Compassionate Communities Care
The Watauga Compassionate Community Initiative promotes health and resiliency in the High Country by identifying ways to effectively prevent, recognize, and treat trauma. theHeart is excited to actively partner with other members of our community who are creating safe, stable, and nurturing relationships that help those whose lives are affected by trauma.
In 2015, a group of agencies in Watauga County began to explore how to comprehensively serve youth in Watauga County. Taking direction from the Center for Disease Control‘s “Essentials for Childhood” one-pager, they decided the first step would be to raise community awareness and provide education about trauma and resiliency.
That's what led the group to create and host a “State of the Child” forum in May 2017. It was the first step in a growing initiative that continues to help develop awareness and support for those whose lives have been negatively impacted by divorce, physical and sexual abuse, substance abuse, neglect, and other traumatic events.
Since then, theHeart has sought to be actively involved with the Watauga Compassionate Community Initiative in a variety of ways recognizing it’s importance to the High Country and the mutually beneficial relationships that it provides.
"Therefore, as God’s chosen people, holy and dearly loved, clothe yourselves with compassion, kindness, humility, gentleness and patience." — Colossians 3:12
"Through participating in WCCI, we are able to build strong relational networks with counselors, medical professionals, social service agencies, school officials, and many others," Pastor of Relational Care, Graham Aitken said.
Currently, Graham is attending monthly meetings and helping to lead the Awareness Committee. Stephanie Thomas who attends theHeart provides leadership to the Prevention Committee. And several people from theHeart have participated in the annual forum that has taken place each year since 2017.
But why exactly was this initiative created?
Preventing Trauma. Building Resiliency.
The Watauga Compassionate Community Initiative was created “in an effort to ensure the momentum would continue,” said Denise Presnell, who spearheaded the organization and continues as its chair today.
With a mission statement “to promote health and resiliency in our community and to effectively prevent, recognize and treat trauma by creating safe, stable nurturing environments and relationships," WCCI focuses on education about childhood trauma and building trauma-informed communities.
It's an ambitious goal, and yet in just four years the purpose of WCCI has become more and more refined.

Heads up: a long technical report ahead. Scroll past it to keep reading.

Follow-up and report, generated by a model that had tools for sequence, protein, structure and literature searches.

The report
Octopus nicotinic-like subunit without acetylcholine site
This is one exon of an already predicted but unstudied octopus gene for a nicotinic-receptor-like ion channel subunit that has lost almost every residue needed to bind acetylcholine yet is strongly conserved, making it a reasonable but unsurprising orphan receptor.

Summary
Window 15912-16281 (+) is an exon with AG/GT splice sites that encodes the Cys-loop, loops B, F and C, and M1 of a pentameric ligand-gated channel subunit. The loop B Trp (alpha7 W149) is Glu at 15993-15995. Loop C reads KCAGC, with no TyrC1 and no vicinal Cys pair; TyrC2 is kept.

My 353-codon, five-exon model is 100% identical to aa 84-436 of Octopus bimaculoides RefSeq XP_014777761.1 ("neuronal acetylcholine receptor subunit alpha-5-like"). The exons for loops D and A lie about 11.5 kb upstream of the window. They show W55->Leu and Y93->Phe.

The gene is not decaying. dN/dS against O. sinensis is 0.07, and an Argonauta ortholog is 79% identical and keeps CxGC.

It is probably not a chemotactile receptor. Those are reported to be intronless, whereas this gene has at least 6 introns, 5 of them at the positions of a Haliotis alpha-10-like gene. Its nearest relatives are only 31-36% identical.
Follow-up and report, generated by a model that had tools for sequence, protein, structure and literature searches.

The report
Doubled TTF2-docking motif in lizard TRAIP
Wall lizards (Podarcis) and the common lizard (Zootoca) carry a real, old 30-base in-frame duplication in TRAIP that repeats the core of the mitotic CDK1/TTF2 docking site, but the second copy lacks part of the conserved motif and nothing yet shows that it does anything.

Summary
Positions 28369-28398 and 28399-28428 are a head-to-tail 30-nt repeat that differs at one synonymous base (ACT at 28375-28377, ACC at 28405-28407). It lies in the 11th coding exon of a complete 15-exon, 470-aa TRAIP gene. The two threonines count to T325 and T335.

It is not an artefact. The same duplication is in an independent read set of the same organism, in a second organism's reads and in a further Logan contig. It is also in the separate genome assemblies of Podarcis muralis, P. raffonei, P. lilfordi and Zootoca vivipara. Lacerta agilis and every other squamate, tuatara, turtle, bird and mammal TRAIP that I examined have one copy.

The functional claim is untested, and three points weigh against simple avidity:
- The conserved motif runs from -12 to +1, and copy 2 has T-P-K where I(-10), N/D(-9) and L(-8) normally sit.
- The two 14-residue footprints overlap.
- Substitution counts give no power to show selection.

At the center of this initiative is an annual forum that is held as an anchor event for WCCI. Each year the event draws hundreds of participants that include a multitude of educators, help agencies, local churches, and impassioned activists in the community.
Attendance is one indicator that the desire for a compassionate community is not just catching on, but is starting to establish deep roots. The most recent forum was held in this past May with 585 people in attendance. Community Life Pastor Josh Anderson was encouraged by what he experienced at the forum.
"The speakers were inspiring. The classes were informative. But perhaps even more energizing was to be surrounded by an impressive number of professionals from the High Country," Josh said. "Not only are they talented experts in their respective fields, but they are driven to build a strong and vibrant community."
In addition to hearing from two keynote speakers, participants were able to attend class sessions about trauma prevention, trauma treatment, promoting health, promoting resilience, creating safe, nurturing spaces, and creating safe, nurturing relationships.
People Helping People
In planning for this year's forum, organizers realized that, as a community, we need to help both children and adults build resiliency skills so they can be better equipped to create a more successful life for themselves.
“We’re finally learning that it’s 'OK' to give ourselves permission to talk about not only where we came from, but that we’ve made it—and what we’ve done along the way to overcome our pain.” — Denise Presnell
At the same time, however, Denise pointed out that many individuals who experience trauma early in life and have never been able to overcome it are prone to suffer through adulthood with various issues, including addiction, abuse, mental illness, unemployment, and homelessness.
“You have children with trauma who become adults with unresolved trauma who then can’t or aren’t able to make better decisions to create better lives for their children,” she explained. “And then, the cycle continues as the children live in trauma and stress.”
Denise said with this year's forum, they wanted to create a space where participants could explore how we as a community can help people—not just children but adults as well—build those resiliency skills so they can offset whatever trauma they’ve been through.